Noche de las Calaveras - A Street feast celebrating day of the dead

What is Día de los Muertos (Day of the Dead)?

The Día de los Muertos (“Day of the Dead”) tradition extends throughout Latin America, but is most closely identified with Mexico. The native peoples believed that upon death, the individual's soul did not die, that they continued to live on in Mictlan, a place of rest. In time, this pre-Hispanic celebration merged with the Catholic celebration of All Soul's Day and has evolved into the present-day Día de los Muertos celebration.

Today, death is perceived as a transition from one life to another and the Día de los Muertos celebration is a time of communication between the living and the deceased. It is believed that the soul of the dead would visit the home where he or she resided. It is a happy, colorful celebration where the death is honored and the deceased are remembered and are enticed back to celebrate the joys of life.

Throughout Mexico, altars called las ofrendas (“offerings”) are set up in homes to welcome home the souls of the dead. Home altars are decorated with marigolds (the flower of the dead); favorite dishes such as tamales, tortillas, pumpkin and mole; candles; incense (copal); toys and other enticements; and objects of personal use. In some instances, a path of flower petals directs the souls to their home altars.

Offerings, representations and their meanings:

The ofrendas represent a remembrance of the departed, a reminder that life is eternal and that presence of the deceased loved one is everlasting. The ofrendas speak of affection toward the deceased and are an expression of love towards life.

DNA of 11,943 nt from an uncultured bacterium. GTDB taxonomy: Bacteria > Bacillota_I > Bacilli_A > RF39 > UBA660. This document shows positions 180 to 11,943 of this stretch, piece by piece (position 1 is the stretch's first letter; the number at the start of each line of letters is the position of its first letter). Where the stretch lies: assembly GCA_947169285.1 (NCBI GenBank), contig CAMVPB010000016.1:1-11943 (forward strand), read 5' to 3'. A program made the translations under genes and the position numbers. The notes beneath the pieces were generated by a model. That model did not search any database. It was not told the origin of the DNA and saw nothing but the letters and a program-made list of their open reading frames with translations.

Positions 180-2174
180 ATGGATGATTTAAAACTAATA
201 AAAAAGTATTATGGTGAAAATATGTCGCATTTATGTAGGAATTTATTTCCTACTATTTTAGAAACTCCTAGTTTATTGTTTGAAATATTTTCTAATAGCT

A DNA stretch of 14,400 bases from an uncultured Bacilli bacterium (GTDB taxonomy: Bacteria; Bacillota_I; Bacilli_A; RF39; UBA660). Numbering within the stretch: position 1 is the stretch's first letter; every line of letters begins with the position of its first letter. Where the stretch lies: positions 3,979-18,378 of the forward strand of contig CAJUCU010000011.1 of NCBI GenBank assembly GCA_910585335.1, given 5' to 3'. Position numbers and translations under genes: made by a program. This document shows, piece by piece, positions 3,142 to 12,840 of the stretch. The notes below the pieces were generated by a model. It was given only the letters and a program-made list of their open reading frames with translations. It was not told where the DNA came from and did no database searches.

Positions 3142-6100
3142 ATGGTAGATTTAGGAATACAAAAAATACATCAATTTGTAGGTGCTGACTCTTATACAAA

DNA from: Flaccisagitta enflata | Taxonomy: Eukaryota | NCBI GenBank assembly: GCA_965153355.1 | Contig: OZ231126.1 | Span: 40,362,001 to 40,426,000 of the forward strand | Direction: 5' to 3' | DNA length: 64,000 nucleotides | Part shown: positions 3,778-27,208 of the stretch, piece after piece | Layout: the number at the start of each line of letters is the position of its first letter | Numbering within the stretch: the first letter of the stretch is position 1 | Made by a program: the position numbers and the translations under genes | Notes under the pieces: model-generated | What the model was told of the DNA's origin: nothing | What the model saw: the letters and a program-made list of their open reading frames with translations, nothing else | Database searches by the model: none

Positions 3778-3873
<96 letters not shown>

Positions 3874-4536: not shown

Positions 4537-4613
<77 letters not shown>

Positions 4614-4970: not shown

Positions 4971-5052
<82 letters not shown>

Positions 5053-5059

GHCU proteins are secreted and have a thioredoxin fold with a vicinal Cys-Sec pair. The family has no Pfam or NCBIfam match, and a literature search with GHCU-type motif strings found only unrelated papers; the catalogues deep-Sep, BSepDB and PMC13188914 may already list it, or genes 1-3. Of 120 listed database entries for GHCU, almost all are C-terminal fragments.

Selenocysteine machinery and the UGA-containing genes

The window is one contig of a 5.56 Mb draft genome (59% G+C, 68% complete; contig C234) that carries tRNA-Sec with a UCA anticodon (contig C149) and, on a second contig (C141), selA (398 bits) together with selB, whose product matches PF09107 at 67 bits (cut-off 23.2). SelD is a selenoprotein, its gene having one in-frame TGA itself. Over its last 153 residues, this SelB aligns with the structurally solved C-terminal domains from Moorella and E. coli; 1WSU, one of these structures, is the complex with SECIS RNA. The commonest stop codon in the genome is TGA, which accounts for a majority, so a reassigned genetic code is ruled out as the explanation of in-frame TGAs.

Altars are traditionally built on October 30th and 31st and are taken down November 2nd. It is believed that the souls of the children return first, so altars laden with their favorite foods and toys are set out on October 31st. On November 1st, the souls of deceased adults arrive, and in anticipation for their return the more spicy foods are set out along with other earthly delights such as fruits, nuts, chocolate, and liquor. Since the souls can only delight themselves with the aromas of these offering, the foods, flowers and incense are spicy and aromatic. A feast is enjoyed later by friends and family.

In celebration of the Día de los Muertos tradition that extends throughout Mexico and reaches into the Sonoran Desert region, the Desert Museum has created a traditional Día de los Muertos altar. In Mexico, each village's celebrations and altars for Día de los Muertos are different, based upon their own unique traditions. Here at the Museum, we want to honor the traditional Día de los Muertos themes while making them unique to our organization and our history.

Our theme this year will be to commemorate the animals, and plants that make the Museum and the Sonoran Desert such a special place. Help us decorate the altar dedicated to the monarch butterfly, whose arrival in central Mexico each winter has long been associated with the returning souls of the departed. Museum departments have participated by contributing photographs and other remembrances to our community altar. Offerings include remembrances of animals that are now deceased but were once part of the Desert Museum collection and endangered or extinct animals, and plants of the Sonoran Desert region.

The altar will be displayed to the public and will be available for those departed from us for earthly visitation beginning Friday, September 29th through Monday, November 6th. In addition to our offerings, the altar also features traditional Día de los Muertos offerings - marigolds, candles, papel picado, sugar skulls, pan de muerto (bread of the dead), the Virgin of Guadalupe (Mexico's patroness), and other symbolic offerings

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Retrieved from the Arizona-Sonora Desert Museum web site on 07-24-2024